This is one of the narratives on the lake – the constant comparison between Burlington and Plattsburgh. But for Lorraine and Dick Rolo, Lake Champlain isn't about the cities or states on either side. It's a place to enjoy.

I meet them at the boat launch in Swanton, Vermont.

"We've been fishing," Dick says. "Not much luck. But we had a good time."

"We enjoyed the day," Lorraine adds. "It's just peaceful and quiet."

Lorraine and Dick tell me they haven't been out on the lake in three years. Dick's been sick.

"Dick had hip surgery," Lorraine says. "he had 3 replacements and back surgery. So that's the reason we haven't been out here."

"Throw in a little heart attack on the side," Dick adds with a chuckle.

They're glad just to be back out here, enjoying a beautiful summer afternoon.

I ask if they think there's a big difference between the Vermont and New York sides of the lake.

"No," says "Dick, "just Lake Champlain. It's a great place."

And Lake Champlain isn't just some big lake separating two states. It also spans the U.S. Canadian border – creating another dynamic.

At the Plattsburgh municipal beach, almost everyone is from Quebec. I hear French in St. Albans and Burlington, French in the Champlain Islands, and at the Essex ferry dock. And a small northern part of the lake extends in Canada – Missisquoi Bay.

Norman and Diane Gagnon are sitting in lawn chairs on the beach in Venise-au-Quebec.

Norman says that Quebecois feel connected to the lake too.

"Mostly because it's Champlain area, it's the whole lake. Even ourselves sometimes we like to go to Burlington. We got at the marina and we like to take a beer and walk to restaurant after. But over here or over there it's nice."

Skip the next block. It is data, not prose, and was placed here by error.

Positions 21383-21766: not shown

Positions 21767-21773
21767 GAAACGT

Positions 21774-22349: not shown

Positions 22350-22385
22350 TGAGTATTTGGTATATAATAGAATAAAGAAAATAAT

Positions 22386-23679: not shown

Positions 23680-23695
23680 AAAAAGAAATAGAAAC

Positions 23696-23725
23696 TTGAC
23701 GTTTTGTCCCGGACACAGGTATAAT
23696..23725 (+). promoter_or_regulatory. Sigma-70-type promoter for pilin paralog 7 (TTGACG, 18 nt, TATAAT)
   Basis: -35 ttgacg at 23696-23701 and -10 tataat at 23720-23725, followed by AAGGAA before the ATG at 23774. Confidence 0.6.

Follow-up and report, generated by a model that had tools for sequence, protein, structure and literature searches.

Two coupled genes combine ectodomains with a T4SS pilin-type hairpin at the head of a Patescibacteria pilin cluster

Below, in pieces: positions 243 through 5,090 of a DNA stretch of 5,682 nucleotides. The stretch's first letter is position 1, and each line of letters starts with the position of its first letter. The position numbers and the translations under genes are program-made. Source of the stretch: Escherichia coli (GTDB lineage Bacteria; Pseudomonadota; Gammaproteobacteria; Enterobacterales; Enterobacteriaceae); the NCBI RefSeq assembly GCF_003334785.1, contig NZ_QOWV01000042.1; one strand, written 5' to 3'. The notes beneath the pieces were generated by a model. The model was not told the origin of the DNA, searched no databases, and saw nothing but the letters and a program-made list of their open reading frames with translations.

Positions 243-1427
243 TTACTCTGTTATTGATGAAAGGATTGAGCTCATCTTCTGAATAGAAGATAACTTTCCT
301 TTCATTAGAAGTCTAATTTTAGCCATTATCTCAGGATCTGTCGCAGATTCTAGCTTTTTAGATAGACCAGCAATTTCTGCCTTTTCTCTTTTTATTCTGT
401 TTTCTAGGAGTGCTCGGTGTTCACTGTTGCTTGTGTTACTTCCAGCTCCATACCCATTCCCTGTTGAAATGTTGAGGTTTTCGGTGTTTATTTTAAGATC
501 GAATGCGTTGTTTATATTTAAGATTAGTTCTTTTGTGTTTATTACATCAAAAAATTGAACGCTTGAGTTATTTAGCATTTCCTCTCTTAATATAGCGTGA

These are the people who share the lake year-round. But there are also people just passing through, and seeing this part of the world for the first time.

I meet musicians Tim Barry and Cory Branan on the Plattsburgh-Grand Isle ferry. They're on tour, headed to Montreal and just had the day off in Burlington.

"It was nice. It was chill," Cory says. "Expensive hotels. Apparently y'all have a season up here. I'm from Memphis, we don't have a season."

"We're pretty excited about this reroute," Barry explains. "We got a little confused too and are excited to be on the ferry and this is the first time in over 20 years of touring for me that I ever remember being taken from one side to another via ferry within the United States."

No matter where I am on the lake – in Ticonderoga or St Albans or Rouses Point –I see vistas. that totally takes my breath away. Fort Ticonerdoga up on the bluff, the new bridge arcing over the lake, sprawling farms and rolling hills, and moutains rising up on both sides.

 So, Is the Champlain Valley one place? I don't know. I have no idea. I think it's a valley full of vibrant communities. I met John Grant at the Port Henry post office and I think he put it best:

"When you speak of the Champlain Valley, the Champlain Valley encompasses everyone. I always said God visits in your towns but he lives right here."